^~~~~~~~~~~~~~~~~~~~~~~~~~~~~~~~~~~~~~~~~
/third_party/tbb/include/tbb/machine/linux_intel64.h:54:48: note: expanded from macro '__TBB_MACHINE_DEFINE_ATOMICS'
: "=r"(result),"=m"(*(volatile T*)ptr)                     \
^            ~~~
/third_party/tbb/include/tbb/machine/linux_intel64.h:70:1: error: use of old-style cast [-Werror,-Wold-style-cast]
__TBB_MACHINE_DEFINE_ATOMICS(1,int8_t,"")
^~~~~~~~~~~~~~~~~~~~~~~~~~~~~~~~~~~~~~~~~
/third_party/tbb/include/tbb/machine/linux_intel64.h:55:47: note: expanded from macro '__TBB_MACHINE_DEFINE_ATOMICS'
^            ~~~
/third_party/tbb/include/tbb/machine/linux_intel64.h:70:1: error: use of old-style cast [-Werror,-Wold-style-cast]
__TBB_MACHINE_DEFINE_ATOMICS(1,int8_t,"")
^~~~~~~~~~~~~~~~~~~~~~~~~~~~~~~~~~~~~~~~~
/third_party/tbb/include/tbb/machine/linux_intel64.h:64:48: note: expanded from macro '__TBB_MACHINE_DEFINE_ATOMICS'
: "=r"(result),"=m"(*(volatile T*)ptr)                     \
^            ~~~
/third_party/tb
This is using Clang 10 on Linux. Something similar happened with Xcode on OS X 10.14.
Francesco Biscani
@bluescarni
could you run make VERBOSE=1 and check if the TBB headers are included via -I or -isystem?
and what version of TBB is this?
Andrew Corrigan
@andrewcorrigan
The tbb version is the cmake-ified version from https://github.com/wjakob/tbb
Francesco Biscani
@bluescarni

It's not a problem in principle to selectively deactivate those warnings for the TBB headers, but I am a bit baffled by the fact that I cannot reproduce it and by the fact that similar warnings are not being produce by, e.g., Boost or other libraries obake depends on. It makes me think there's something specific in the way TBB is being included in your setup.

It could also be that TBB is being configured/built in a different way and on my system the offending code is bracketed in the dead branch of some #ifdef.

Andrew Corrigan
@andrewcorrigan
it's included via -I btw
Andrew Corrigan
@andrewcorrigan
Obake is great, thanks again. I'm currently trying to compile in VS2019 (/std:c++17 /Zc:__cplusplus). I'm encountering some errors. I see the documentation says that this compiler should be supported, but wasn't sure if it is in practice. Would you be interested in me reporting errors with reproducers to the issue tracker?
Francesco Biscani
@bluescarni

What version of VS2019 is this? There is a couple of CI builds using MSVC 2019 which works:

But in my experience MSVC tends to introduce regressions relatively frequently, so perhaps something changed in the meantime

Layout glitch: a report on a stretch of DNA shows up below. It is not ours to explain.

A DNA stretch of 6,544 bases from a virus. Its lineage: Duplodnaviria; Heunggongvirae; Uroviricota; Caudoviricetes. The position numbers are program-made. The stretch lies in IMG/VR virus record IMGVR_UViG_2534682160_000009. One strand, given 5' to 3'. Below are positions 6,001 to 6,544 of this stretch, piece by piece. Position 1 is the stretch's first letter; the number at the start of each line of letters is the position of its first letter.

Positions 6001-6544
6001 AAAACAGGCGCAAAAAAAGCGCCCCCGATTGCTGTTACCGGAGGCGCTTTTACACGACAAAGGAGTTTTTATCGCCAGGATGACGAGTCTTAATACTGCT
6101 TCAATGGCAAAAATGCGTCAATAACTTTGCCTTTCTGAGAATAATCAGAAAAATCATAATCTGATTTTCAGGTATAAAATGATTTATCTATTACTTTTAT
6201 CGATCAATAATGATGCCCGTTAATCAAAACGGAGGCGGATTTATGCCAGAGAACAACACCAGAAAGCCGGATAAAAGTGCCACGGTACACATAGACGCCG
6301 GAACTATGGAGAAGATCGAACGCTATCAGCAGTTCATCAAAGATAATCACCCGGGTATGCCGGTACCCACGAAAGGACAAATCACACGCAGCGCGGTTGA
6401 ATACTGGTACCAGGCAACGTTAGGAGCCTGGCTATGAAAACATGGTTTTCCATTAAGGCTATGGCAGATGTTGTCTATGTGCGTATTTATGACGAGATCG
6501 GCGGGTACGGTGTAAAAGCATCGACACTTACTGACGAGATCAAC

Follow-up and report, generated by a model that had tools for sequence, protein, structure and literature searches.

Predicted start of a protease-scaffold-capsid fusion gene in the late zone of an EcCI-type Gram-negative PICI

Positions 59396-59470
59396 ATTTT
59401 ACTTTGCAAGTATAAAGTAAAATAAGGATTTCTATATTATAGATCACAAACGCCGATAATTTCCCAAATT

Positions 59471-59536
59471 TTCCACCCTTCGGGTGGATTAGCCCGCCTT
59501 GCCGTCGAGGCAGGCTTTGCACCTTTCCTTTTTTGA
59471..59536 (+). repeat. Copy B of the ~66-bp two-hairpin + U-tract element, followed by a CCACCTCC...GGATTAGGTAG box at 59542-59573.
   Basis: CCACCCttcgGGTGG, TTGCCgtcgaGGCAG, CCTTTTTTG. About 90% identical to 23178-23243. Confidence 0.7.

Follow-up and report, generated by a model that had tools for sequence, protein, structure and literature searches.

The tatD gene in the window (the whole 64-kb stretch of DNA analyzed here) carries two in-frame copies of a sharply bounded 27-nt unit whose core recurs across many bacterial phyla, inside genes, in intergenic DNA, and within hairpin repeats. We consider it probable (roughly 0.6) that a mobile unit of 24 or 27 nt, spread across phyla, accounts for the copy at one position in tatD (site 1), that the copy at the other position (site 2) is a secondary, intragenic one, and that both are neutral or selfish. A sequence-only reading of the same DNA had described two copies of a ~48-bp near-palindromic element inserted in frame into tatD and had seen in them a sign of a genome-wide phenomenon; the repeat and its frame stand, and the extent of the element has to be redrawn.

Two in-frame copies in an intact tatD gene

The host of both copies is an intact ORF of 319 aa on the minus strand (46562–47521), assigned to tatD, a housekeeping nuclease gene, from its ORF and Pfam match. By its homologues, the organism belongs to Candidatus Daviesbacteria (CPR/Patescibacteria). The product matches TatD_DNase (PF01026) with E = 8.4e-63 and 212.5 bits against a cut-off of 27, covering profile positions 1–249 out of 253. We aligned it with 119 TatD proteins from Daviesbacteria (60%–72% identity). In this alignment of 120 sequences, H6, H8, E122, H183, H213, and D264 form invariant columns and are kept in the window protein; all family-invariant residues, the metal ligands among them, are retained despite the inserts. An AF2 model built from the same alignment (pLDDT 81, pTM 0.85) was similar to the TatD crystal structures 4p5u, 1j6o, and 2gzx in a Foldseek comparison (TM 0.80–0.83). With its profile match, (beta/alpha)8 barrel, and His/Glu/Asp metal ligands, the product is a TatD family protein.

Andrew Corrigan
@andrewcorrigan
16.7.2
cmake reports the compiler version as: "MSVC 19.27.29110.0".
hopefully one of those versions is meaningful
Francesco Biscani
@bluescarni
ok so in the continuous integration pipeline we test some 19.26.xxx versions, so it's possible that you are experiencing some compiler regression
Andrew Corrigan
@andrewcorrigan
I see, that's unfortunate
Andrew Corrigan
@andrewcorrigan
I understand msvc breaks a lot (I had to implement a bunch of workarounds in my code to get things working). Is there a way for CI to test newer versions as well to at least know where things stand?
Francesco Biscani
@bluescarni
feel free to report the errors here or on github, if the workarounds are not too heavy I have no problems including them
I think the CI automatically updates MSVC2019 periodically. It's possible that since June the images were actually updated but the CI has not been run for a couple of months.
Andrew Corrigan
@andrewcorrigan
It's still possible that I'm just doing something wrong, so maybe once you see the reproducer you'll just tell me I just goofed up :-)
Andrew Corrigan
@andrewcorrigan
Would you be interested in supporting an option to build Obake as a static library? I think it would just require tweaking the call to add_library and the OBAKE_DLL_PUBLIC macro. I can do this via a PR if that's helpful.
Francesco Biscani
@bluescarni
Feel free to open a PR. It was planned down the line, even if it is not high priority currently.
mp++ can also be compiled as a static library and I was planning to use the same approach for obake.
Francesco Biscani
@bluescarni
As you say, it should be a matter of tweaking the OBAKE_DLL_PUBLIC macro and applying some modifications to the build system. There's some extra setup to be done for MSVC, see here:
https://github.com/bluescarni/mppp/blob/master/CMakeLists.txt#L186
Andrew Corrigan
@andrewcorrigan
Great. I've already done most of it (following your naming conventions in mp++) . I think the only thing missing is the MSVC runtime library setup. I probably won't be able to submit it until October, but I'll definitely get it over to you asap
Francesco Biscani
@bluescarni
There's some extra setup in mp++ regarding the use of the dynamic MSVC runtime when compiling a static library (or perhaps viceversa) that I don't think is really relevant/needed for obake.
Andrew Corrigan
@andrewcorrigan
oh ok
Andrew Corrigan
@andrewcorrigan
Would it be feasible to have an option to disable TBB in Obake? I'd like to be able to run valgrind on my application and TBB triggers a lot of false positives.